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Joséphine-Charlotte of Belgium
Grand Duchess consort of Luxembourg
Tenure 12 November 1964 – 7 October 2000
Spouse Jean, Grand Duke of Luxembourg
Archduchess Marie Astrid of Austria
Henri, Grand Duke of Luxembourg
Prince Jean of Luxembourg
Princess Margaretha of Liechtenstein
Prince Guillaume of Luxembourg
House House of Bourbon-Parma (by marriage)House of Saxe-Coburg and Gotha
Father Leopold III of Belgium
Mother Astrid of Sweden
Born 11 October 1927(1927-10-11)
Brussels, Belgium
Died 10 January 2005 (aged 77)
Fischbach Castle

Princess Joséphine-Charlotte of Belgium (born Joséphine-Charlotte Ingeborg Elisabeth Maria Josepha/Marie-José Margarethe/Marguerite Astrid 11 October 1927 – 10 January 2005) was Grand Duchess of Luxembourg as spouse of Jean, Grand Duke of Luxembourg.

Joséphine-Charlotte metro station in Brussels is named after her.



She was born at the Royal Palace of Brussels as the oldest child and only daughter of Leopold III of Belgium and Astrid of Sweden.

The young Princess spent her childhood at the Stuyvenberg Palace just outside of Brussels with her parents, Prince Léopold and Princess Astrid. Her mother, who was born a Princess of Sweden and a direct descendant of Napoleon Bonaparte's first wife Joséphine, was killed in an automobile accident in 1935 at age 29. Her father was a direct descendant of Stéphanie de Beauharnais, cousin of Joséphine's first husband and adopted daughter of Joséphine's second husband.


Princess Joséphine-Charlotte first attended school at the Royal Palace, where a small class had been organized for her. At the end of 1940, she entered a boarding school and then continued her education with her own private teachers. On 7 June 1944, the day after the Allied Forces landed in Normandy, France, she and her father were sent to Germany and kept there under house-arrest. The Royal Family, which included her brothers Baudouin and Albert and their stepmother, Mary Lilian Baels, Princess de Réthy, was freed on 7 May 1945 and settled in Prégny, Switzerland.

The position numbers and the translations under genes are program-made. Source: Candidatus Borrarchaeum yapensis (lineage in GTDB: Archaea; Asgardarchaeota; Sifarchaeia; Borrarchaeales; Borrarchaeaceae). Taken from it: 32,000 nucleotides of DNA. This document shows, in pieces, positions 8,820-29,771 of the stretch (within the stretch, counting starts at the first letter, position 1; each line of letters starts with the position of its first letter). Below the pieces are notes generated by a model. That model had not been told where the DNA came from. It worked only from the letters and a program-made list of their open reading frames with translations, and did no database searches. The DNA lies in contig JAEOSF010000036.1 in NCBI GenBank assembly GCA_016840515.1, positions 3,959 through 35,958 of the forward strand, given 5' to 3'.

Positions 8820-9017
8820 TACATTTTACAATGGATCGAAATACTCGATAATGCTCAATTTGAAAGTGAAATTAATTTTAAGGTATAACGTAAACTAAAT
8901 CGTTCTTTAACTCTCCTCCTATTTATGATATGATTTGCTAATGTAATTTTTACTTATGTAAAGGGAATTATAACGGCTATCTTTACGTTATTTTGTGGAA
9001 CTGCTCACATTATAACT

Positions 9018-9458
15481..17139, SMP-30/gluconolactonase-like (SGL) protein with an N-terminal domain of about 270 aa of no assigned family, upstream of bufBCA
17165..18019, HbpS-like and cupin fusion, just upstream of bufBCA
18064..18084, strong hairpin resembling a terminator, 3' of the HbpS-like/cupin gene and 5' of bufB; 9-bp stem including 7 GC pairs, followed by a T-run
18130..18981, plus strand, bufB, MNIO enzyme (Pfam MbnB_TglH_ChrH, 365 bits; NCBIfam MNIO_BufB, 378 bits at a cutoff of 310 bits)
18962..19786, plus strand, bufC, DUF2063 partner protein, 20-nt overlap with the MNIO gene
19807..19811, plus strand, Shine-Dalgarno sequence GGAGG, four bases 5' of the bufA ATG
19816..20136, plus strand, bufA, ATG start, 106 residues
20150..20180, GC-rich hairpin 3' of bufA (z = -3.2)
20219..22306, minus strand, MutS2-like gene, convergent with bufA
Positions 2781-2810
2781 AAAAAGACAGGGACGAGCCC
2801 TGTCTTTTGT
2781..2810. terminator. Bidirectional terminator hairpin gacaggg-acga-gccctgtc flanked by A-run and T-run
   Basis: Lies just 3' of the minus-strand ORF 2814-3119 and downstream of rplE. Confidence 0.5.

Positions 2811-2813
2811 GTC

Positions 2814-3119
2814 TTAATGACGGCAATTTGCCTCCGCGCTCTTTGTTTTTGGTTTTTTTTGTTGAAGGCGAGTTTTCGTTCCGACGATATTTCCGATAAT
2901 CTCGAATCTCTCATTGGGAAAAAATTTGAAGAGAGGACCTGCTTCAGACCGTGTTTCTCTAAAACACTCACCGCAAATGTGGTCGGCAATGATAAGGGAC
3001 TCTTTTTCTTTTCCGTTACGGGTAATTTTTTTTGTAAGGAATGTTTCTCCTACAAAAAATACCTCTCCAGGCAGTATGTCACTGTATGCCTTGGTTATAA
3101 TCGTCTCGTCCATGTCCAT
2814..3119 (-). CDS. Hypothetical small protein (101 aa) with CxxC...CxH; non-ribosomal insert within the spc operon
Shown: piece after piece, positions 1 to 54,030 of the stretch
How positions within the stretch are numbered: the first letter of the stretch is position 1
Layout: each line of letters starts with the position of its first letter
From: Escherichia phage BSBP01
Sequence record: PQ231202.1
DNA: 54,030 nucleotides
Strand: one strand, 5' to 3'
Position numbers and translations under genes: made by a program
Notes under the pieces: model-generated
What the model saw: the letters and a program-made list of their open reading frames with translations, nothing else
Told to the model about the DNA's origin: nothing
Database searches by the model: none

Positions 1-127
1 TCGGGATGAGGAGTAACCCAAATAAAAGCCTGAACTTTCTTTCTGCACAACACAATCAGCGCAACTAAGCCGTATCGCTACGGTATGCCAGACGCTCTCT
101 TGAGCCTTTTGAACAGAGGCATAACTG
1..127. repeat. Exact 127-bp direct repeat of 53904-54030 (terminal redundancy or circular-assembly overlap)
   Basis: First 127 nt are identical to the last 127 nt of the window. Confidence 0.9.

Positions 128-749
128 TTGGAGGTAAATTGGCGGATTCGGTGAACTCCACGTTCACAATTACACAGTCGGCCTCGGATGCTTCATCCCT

Princess Joséphine-Charlotte continued her studies at the "Ecole Supérieure de Jeunes Filles" in Geneva, Switzerland. Afterwards, she took Jean Piaget's lectures on child psychology at the University of Geneva. When she returned to Belgium the Princess took up her official duties. At the same time, she also devoted herself to social problems and developed her interest in the arts.


On 9 April 1953 in Luxembourg, the Princess married Prince Jean, then Hereditary Grand Duke of Luxembourg. They had five children:

As Hereditary Grand Duchess first, then, from Jean's accession to the throne on 12 November 1964 until his abdication in 2001, as Grand Duchess of Luxembourg, she carried out the many and varied duties (particularly of a social and cultural nature) as The Grand Duchess of Luxembourg.

The Grand Duchess was interested in childhood problems, family and health problems. From 1959 to 1970 she was President of the Luxembourgish Youth Red Cross.

Her favourite hobbies included gardening and horticulture. She also enjoyed hunting, fishing, skiing and watersports.

Joséphine-Charlotte, who had suffered from lung cancer for some time, died at Fischbach Castle at the age of 77, survived by her husband, children and grandchildren.


Styles of
Grand Duchess Joséphine-Charlotte of Luxembourg
Reference style Her Royal Highness
Spoken style Your Royal Highness
Alternative style Ma'am
  • Her Royal Highness Princess Joséphine-Charlotte of Belgium (1927 – 1953)
  • Her Royal Highness The Hereditary Grand Duchess of Luxembourg (1953 – 1964)
  • Her Royal Highness The Grand Duchess of Luxembourg (1964 – 2000)
  • Her Royal Highness Grand Duchess Joséphine-Charlotte of Luxembourg (2000 – 2005)


Princess Joséphine-Charlotte of Belgium
Cadet branch of the House of Wettin
Born: 11 October 1927 Died: 10 January 2005
Luxembourgish royalty
Title last held by
Marie Anne of Portugal
Grand Duchess consort of Luxembourg
1964 – 2000
Succeeded by
Maria Teresa Mestre y Batista-Falla
Titles in pretence
Preceded by
Marie Anne of Portugal
Duchess consort of Nassau
1964 - 2000
Reason for succession failure:
Duchy annexed by Prussia in 1866
Succeeded by
Maria Teresa Mestre y Batista-Falla

External links

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